Juvederm, Restylane, Radiesse, Belotero, Voluma, Silk, Sculptra, Bellafill…So many choices for filler, how do you know which one is the right one? Fillers can be broken up into a few categories that will help simplify things.
The most common fillers are Hyaluronic Acid fillers. There are several reasons that these fillers are popular, both with patients and with doctors. First, they produce immediate results. It is very easy to see whether you need more filler in each area and to make sure that augmentation is even. Second, they are reversible. If you’ve never done fillers before, it can be very reassuring to know that if you hate it, it can be undone. Hyaluronidase will dissolve away injected fillers within a matter of hours to days. Within the Hyaluronic Acid Fillers there are several distinctions:
The thickest fillers are used for volumizing. This is what you want if you’re looking to build up your cheek bones. These robust fillers can mimic your bone structure along your cheekbones, nasal bridge or jawline. Because they are thicker, it takes your body longer to break them down and they are among the longest lasting of the fillers. Voluma and Restylane Lyft are in this category. These fillers, though they last longer, are not typically used for filling more superficial areas like the lips and fine lines because they will generally look or feel unnatural when used in these applications.
These fillers are of a medium thickness/weight. They do a nice job filling in smile lines around the mouth. Juvederm, Belotero and Restylane fall into this category. They offer good staying power while looking and feeling natural.
Volbella & Restylane Silk are fine fillers that work well for plumping the lips and filling fine lines and wrinkles. They feel soft and look natural in the lips. Because they are a thinner filler, they don’t last as long.
Restylane Refyne and Defyne are flexible fillers. These fillers work well for filling the lines that show up when your face moves (like lines on your cheeks when you smile). They move with your face, so that they look natural with any facial expression.
Radiesse is a Calcium Hydroxylapatite filler. It tends to be a more robust filler, lasting a year or more. The downside to Radiesse is that it cannot be reversed, so if you don’t like it you have to wait it out. Also, not being able to reverse it increases the risk for bad outcomes from serious complications.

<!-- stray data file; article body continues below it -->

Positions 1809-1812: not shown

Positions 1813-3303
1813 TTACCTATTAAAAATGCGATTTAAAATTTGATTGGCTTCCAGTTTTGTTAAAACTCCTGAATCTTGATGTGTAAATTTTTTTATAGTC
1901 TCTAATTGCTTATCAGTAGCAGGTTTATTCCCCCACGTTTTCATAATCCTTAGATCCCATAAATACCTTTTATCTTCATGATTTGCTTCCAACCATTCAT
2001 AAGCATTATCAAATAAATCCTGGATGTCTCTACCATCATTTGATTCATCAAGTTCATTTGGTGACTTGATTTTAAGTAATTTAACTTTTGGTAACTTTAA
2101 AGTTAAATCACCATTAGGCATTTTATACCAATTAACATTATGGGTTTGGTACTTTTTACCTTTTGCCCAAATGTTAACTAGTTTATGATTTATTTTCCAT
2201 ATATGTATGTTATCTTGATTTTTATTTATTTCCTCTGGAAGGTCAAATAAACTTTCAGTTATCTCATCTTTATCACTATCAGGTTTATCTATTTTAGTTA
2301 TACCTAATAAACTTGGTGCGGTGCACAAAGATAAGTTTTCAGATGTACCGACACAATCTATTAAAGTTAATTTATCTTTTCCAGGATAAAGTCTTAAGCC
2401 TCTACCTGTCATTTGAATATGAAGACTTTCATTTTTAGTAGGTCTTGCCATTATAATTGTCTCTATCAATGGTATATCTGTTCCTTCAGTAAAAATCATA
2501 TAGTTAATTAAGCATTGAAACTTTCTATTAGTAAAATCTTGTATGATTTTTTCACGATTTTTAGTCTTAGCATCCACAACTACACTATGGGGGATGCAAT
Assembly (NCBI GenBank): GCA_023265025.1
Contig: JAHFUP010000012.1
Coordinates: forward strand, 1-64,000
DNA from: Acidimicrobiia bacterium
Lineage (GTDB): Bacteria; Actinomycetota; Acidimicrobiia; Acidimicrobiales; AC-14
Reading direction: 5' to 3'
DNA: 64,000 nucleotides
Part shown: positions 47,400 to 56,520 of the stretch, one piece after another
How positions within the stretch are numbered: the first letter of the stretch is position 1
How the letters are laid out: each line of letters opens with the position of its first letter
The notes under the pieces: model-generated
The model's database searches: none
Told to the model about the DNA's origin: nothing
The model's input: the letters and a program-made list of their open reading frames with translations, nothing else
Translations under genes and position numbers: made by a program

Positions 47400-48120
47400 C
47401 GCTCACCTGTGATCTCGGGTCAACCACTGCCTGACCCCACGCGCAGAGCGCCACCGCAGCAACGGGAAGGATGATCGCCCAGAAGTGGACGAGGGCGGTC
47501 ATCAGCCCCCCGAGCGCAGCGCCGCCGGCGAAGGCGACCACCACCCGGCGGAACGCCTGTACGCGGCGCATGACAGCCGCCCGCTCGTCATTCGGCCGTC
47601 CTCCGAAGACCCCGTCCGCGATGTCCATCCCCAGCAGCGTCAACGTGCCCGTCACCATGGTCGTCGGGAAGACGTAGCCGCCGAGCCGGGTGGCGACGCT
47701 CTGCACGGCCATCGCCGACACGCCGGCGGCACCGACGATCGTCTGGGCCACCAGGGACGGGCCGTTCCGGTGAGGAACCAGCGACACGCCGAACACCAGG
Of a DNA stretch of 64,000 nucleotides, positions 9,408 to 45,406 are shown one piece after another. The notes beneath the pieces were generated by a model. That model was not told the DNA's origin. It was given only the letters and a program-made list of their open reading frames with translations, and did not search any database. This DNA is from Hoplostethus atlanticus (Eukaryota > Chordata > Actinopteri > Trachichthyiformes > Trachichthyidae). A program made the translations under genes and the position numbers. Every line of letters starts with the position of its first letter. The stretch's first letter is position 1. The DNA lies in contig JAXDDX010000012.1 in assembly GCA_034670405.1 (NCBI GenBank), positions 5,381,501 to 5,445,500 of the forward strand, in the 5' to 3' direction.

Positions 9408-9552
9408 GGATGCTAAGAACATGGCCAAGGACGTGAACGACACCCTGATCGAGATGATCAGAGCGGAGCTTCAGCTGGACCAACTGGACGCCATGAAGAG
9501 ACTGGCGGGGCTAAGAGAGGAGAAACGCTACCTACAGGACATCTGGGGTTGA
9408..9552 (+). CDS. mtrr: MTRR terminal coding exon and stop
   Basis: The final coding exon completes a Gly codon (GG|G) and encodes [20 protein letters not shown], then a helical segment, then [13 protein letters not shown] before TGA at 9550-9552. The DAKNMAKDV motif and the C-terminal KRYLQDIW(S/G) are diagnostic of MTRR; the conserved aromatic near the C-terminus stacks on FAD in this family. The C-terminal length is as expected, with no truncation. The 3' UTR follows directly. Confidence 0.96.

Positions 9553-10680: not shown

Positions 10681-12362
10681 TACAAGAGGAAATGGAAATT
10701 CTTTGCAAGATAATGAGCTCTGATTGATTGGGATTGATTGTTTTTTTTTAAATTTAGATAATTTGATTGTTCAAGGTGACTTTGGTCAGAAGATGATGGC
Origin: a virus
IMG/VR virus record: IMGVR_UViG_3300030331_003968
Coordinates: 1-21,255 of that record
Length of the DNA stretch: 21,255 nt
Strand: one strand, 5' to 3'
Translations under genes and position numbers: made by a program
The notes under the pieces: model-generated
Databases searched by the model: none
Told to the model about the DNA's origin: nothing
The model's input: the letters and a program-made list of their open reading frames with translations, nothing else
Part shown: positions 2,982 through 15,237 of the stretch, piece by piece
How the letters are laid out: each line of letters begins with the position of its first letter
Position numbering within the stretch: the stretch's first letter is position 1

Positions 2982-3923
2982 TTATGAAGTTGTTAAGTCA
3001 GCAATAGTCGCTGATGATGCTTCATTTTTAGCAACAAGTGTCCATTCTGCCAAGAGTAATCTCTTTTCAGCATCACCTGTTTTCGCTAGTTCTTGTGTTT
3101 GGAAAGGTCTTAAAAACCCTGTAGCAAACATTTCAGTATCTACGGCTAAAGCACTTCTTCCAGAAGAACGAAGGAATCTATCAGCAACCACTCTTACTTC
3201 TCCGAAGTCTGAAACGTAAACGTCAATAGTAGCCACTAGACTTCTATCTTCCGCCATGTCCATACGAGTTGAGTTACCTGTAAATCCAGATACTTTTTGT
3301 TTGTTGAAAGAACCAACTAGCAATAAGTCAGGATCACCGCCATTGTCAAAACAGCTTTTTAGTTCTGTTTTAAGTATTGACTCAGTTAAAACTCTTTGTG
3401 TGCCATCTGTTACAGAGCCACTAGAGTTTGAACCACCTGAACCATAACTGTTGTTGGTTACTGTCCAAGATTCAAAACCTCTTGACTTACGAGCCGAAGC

Sculptra (Poly L Lactic Acid) is a collagen stimulator. It does not act as a filler on its own, but rather it causes the production of collagen which essentially is your body’s own filler. The downside of Sculptra is that results take 3 months to fully develop. The upsides are that it lasts longer than most fillers (2 years for most patients) and that you get more “bang for your buck” in terms of volume per dollar.
Bellafill is a combination of polymethyl methacrylate (PMMA) and bovine (cow) collagen. The collagen acts as an immediate filler and the PMMA stimulates your own collagen production to give you long lasting results. Complications from Bellafill can include serious allergic reactions (it requires a skin test before injection) and granulomas. Bellafill is a permanent filler, so the results are not reversible. I personally don’t feel that permanent fillers are beneficial for my patients. The reason for this thinking is that no one can predict what your face will look like in 30 years, where you will need volume and where you will be sagging. To that effect, placing volume that will remain there forever may not be well placed in the years to come. The only permanent filler that I recommend to my patients is fat. As a bioactive substance, the transplanted fat changes with your body, just like the native fat does.
…and speaking of fat, fat transfer is a great, cost effective option for many patients. You can get larger volume replacement with fat and the results are essentially permanent. There is no risk for allergic reaction or rejection since the fat comes from your own body. It works well in almost all applications of fillers with the exception of the fine lines and wrinkles. I find that in this instance the smooth gels work much better than the globular fat.
In summary, it depends on what you’re using the filler for, your personal preferences and experiences and the experiences of your injector. The best way to know which filler is right for you is to speak with an experienced physician who injects multiple fillers. If they only carry one product then that’s what they’ll sell you. There’s also cost differences to consider, which vary among clinics, and the rewards programs that the companies offer (Brilliant Distinctions and Aspire).